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Lions Roar : May 2018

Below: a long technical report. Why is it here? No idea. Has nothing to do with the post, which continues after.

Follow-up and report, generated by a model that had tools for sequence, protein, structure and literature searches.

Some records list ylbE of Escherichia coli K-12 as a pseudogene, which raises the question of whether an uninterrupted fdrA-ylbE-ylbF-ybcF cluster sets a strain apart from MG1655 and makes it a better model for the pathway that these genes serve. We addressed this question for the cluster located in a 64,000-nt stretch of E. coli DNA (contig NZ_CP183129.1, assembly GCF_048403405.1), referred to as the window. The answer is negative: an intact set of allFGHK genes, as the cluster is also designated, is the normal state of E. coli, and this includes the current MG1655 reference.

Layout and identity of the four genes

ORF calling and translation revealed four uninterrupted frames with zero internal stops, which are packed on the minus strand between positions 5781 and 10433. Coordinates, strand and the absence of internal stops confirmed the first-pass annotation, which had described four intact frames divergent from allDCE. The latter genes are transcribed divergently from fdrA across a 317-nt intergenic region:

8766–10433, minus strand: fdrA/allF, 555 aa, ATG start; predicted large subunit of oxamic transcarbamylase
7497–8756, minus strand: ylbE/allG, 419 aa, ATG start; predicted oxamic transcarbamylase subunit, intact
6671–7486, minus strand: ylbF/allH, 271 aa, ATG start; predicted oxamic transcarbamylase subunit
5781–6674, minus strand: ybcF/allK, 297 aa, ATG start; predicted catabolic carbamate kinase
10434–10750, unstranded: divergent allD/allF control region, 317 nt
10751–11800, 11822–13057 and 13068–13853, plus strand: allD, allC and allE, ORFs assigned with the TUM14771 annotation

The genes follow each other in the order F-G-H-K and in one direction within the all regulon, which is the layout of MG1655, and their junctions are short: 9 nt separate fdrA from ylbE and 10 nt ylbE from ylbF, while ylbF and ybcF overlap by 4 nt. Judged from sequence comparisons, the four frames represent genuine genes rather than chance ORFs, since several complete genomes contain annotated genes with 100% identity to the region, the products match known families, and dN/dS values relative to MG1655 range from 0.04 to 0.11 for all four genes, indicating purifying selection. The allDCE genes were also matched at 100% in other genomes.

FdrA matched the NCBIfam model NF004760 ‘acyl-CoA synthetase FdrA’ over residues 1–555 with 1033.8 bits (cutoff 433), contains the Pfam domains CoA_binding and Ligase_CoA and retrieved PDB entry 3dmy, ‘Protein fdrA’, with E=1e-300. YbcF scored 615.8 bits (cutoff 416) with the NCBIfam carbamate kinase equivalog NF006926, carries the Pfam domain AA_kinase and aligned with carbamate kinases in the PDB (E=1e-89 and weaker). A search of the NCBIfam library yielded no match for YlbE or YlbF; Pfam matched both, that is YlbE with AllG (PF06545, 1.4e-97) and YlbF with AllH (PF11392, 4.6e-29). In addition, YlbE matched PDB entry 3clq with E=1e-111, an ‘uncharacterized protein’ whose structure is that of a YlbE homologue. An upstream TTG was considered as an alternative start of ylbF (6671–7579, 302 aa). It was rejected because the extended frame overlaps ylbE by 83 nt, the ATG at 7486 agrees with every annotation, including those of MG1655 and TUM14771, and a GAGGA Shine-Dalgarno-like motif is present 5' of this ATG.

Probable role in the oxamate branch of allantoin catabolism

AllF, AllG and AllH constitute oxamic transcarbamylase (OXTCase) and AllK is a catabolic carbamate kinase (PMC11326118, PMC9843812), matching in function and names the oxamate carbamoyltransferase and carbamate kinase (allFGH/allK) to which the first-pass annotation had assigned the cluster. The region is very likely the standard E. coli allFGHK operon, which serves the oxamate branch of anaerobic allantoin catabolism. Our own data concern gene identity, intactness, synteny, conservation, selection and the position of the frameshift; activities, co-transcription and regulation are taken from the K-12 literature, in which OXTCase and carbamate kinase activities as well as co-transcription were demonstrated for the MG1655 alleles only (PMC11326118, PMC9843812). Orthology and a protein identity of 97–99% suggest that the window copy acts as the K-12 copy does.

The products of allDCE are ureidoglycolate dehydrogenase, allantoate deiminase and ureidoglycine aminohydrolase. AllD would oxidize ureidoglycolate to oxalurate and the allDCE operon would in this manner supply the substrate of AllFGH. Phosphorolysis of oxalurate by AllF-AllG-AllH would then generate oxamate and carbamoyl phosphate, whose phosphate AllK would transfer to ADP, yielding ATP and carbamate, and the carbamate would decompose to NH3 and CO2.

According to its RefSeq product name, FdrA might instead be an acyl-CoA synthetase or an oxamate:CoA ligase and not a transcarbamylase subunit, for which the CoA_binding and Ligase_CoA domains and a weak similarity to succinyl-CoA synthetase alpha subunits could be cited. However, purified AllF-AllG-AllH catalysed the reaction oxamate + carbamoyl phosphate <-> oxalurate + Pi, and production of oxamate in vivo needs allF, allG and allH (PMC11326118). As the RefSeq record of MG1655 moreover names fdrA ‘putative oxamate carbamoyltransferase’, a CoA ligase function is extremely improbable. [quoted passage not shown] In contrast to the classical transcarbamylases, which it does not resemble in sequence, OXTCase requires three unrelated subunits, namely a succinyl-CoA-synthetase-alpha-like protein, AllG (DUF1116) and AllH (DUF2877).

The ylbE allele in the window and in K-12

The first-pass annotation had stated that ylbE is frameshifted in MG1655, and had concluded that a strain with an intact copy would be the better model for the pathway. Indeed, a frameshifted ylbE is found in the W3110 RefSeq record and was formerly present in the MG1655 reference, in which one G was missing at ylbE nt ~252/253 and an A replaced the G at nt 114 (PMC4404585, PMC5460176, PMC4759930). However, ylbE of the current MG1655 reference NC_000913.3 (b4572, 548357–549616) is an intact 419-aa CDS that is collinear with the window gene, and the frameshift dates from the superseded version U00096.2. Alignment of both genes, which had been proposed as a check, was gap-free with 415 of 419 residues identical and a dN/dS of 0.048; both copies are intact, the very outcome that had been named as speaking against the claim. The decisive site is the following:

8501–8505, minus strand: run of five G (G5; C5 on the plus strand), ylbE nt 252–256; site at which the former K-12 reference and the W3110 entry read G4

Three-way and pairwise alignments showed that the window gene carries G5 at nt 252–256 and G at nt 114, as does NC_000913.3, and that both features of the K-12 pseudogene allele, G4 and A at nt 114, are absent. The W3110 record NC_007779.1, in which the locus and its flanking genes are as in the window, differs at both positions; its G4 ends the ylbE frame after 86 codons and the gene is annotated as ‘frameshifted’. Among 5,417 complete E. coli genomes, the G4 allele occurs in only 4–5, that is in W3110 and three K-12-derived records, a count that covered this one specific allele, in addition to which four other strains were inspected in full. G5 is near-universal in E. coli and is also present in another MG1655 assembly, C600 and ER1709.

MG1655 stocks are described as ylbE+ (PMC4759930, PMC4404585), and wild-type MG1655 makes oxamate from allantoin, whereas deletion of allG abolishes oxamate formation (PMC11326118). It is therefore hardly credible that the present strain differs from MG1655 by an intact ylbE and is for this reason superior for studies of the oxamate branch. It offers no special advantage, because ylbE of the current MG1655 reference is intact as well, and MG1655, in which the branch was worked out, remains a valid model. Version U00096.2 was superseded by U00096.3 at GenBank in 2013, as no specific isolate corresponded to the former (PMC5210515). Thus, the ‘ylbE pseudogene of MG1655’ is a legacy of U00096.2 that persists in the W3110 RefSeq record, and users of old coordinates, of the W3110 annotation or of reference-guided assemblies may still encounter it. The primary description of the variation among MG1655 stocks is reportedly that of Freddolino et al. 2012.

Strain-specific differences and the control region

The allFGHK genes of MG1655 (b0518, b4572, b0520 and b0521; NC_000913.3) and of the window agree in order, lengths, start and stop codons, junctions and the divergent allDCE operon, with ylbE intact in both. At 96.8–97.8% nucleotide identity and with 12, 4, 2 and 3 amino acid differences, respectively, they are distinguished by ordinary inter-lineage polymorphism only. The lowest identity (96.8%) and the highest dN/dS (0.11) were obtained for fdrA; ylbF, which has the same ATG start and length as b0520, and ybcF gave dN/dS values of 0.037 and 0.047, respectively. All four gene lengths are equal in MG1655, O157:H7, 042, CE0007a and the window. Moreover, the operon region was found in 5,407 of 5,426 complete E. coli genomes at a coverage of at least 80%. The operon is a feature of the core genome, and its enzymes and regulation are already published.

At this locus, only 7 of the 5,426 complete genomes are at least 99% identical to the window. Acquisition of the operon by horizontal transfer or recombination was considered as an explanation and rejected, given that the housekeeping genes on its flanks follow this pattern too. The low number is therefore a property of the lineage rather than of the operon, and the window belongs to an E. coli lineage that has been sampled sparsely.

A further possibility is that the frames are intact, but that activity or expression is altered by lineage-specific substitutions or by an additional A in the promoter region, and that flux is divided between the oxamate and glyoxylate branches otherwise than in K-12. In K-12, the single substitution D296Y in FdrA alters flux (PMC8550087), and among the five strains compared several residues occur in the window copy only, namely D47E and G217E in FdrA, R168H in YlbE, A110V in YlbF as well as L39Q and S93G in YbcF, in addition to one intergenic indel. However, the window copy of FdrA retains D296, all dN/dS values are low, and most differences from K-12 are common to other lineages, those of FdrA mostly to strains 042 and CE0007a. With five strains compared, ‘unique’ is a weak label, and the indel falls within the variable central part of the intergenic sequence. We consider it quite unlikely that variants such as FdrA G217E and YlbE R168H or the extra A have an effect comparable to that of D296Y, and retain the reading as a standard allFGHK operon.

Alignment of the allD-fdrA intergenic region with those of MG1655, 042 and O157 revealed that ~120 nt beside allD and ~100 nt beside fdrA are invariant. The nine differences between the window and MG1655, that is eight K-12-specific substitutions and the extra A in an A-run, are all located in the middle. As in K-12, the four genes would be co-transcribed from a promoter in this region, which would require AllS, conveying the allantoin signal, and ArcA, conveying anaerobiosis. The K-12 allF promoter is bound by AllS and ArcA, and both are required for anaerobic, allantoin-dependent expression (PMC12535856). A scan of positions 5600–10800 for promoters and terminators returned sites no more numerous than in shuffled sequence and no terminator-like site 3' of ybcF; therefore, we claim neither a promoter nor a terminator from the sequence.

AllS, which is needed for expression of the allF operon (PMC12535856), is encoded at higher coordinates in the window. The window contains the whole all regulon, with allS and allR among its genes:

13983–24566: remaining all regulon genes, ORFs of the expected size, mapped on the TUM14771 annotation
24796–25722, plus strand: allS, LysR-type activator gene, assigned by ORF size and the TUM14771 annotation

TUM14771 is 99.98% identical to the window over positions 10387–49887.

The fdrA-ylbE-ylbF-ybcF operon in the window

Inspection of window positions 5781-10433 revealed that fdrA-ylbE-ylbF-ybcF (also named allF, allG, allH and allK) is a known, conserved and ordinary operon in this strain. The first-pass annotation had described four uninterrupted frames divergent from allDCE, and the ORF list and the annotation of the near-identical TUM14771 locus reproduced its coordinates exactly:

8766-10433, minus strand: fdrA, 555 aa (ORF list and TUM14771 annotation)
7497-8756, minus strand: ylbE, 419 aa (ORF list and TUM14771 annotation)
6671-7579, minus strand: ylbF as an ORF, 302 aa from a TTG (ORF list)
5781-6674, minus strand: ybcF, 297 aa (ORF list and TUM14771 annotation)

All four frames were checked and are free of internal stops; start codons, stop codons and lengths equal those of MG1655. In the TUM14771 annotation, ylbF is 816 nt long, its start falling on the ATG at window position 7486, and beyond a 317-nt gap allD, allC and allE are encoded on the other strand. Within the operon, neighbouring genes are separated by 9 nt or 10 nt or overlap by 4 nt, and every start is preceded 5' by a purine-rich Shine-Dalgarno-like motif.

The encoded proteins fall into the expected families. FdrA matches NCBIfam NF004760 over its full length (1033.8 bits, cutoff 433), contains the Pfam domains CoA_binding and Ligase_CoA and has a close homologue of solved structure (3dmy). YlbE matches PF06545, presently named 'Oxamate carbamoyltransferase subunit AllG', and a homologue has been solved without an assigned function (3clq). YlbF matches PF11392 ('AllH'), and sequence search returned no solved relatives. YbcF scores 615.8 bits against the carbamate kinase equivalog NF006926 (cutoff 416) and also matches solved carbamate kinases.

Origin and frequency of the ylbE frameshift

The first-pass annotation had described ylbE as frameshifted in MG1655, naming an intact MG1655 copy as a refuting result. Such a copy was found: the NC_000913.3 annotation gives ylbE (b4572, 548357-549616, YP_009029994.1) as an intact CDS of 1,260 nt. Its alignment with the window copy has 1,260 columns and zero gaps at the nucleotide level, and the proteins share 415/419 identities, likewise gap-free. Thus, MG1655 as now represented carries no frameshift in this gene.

that was birthing alongside Virginia Slims—all in order to hock chicken pot pies, of all things—just how unimagi- nable would, say, cigarette marketing that quotes the Buddha be? When breathing in, know: that’s real tobacco flavor! When breathing out, know: it’s smooth! Okay, I’m being at least a little face- tious. But the launch of KFC’s “Comfort Zone” YouTube videos—which depict Colonel Sanders reborn as a multiplicity of spinning, pot-pie-headed meditators leading us through a kaleidoscopic outer/ inner-space realm on a psychonautic Meditation, you’ve come a long way, baby. I don’t mean just to be glib when I invoke the famous Virginia Slims ciga- rettes tagline, which debuted in 1968 to take advantage of the surging women’s movement. Because, really: when a global fast-food giant invests in thirty-five min- utes’ worth of videos that parlay tropes from meditation, Eastern religion, secular mindfulness, and the very counterculture FROM WHERE I SIT Even the Colonel Is Meditating Meditation is getting mainstream enough to attract the attention of big league advertisers. Good news or the beginning of the end? ROD MEADE SPERRY analyzes the latest videos from KFC. quest for savory meat pastry—do make one wonder just how far things might go. The ads, which range from three- plus to about nine minutes long, are the work of Wieden + Kennedy, an agency renowned for its willingness to be weird. But these take things up a notch. Blend- ing highbrow and lowbrow, stoner humor—I think we now know at least one of the “11 herbs and spices” in the Colonel’s secret recipe—and philosophi- cal references, these videos are about as bizarre as advertising to the masses gets. That this kind of well-funded and brazen co-optation is coming at us from CULTURE • LIFE • PRACTICE ROD MEADE SPERRY is editorial director of special projects for Lion’s Roar and co- author, with Miguel Chen, of I Wanna Be Well: How a Punk Found Peace and You Can Too. LION’S ROAR | MAY 2018 13